import                imports Java classes used in the program
       public class Mine { } encompassing class - saved in file of same name
       public static void main(String[ ] args)
                              signature for main program
       JFrame ("…")           constructor for frame object
       f.setSize (x, y)       JFrame method sets width & height of frame
       f.setVisible (boolean) JFrame method sets frame's visibility
       MyInput.readString( ) waits/reads string from dos prompt


In-class Lab           Frames - Monitor window's dynamic properties.

         See MyFrame1.java which shows how frame properties can be dynamically
altered. The frame dimensions are returned by getSize method in a Dimension object.
An input statement stalls execution. At the first stall, use the mouse to resize frame, then
enter <CR> in dos prompt to un-block the stall and note the new dimensions displayed.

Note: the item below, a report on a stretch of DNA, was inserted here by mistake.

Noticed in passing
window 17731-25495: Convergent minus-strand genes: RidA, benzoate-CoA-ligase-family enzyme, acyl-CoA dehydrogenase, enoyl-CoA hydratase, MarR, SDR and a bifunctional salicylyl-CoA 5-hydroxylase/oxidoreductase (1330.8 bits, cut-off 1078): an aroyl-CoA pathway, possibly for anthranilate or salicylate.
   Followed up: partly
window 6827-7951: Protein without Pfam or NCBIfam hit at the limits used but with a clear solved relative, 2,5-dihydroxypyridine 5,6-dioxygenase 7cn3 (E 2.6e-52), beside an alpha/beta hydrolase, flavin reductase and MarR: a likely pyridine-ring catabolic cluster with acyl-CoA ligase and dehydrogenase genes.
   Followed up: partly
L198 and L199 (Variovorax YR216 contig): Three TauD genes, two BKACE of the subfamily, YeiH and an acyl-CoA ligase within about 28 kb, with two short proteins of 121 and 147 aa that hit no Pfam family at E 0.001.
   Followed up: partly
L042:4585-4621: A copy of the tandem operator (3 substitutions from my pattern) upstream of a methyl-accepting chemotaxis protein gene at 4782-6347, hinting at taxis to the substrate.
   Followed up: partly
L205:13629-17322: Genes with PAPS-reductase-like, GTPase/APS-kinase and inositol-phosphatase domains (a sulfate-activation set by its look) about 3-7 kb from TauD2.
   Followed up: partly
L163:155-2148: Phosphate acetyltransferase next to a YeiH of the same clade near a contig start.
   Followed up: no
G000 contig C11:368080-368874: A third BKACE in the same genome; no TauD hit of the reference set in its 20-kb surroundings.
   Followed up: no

Similarly for the next effect which flips frame from invisible to visible.
         Two import statements are required to use JFrame and Dimension objects. The
MyInput class 'static' method readString ( ) does not require an import statement because
its defining class is in the current directory – such classes are automatically available.

       Syntax summary:
       f.getSize()            JFrame method returns Dimension object for window
       Dimension d            Dimension object containing height & width


In-class Lab           ContentPanes - Add buttons and other GUI components to frames.

        See MyFrameWithComponents0.java program. This adds GUI components –
specifically button objects – to the frame. The frame consists of a title bar at the window
top and a so-called ContentPane below that – into which the buttons are placed or added.
To get the pane use the f.getContentPane( ) method. If you try to add components
directly to the frame, rather than to the ContentPane, a run-time error occurs with an error
message indicating the need for the ContentPane. Nor is the ContentPane itself quite
satisfactory as a display case because objects added to the pane latter overlay objects
added earlier.

       Syntax summary:
       f.getContentPane()     returns pane where GUI components are placed
       add(X)                 JFrame method that puts object X in frame's pane
       JButton ("…")          JButton constructor with label parameter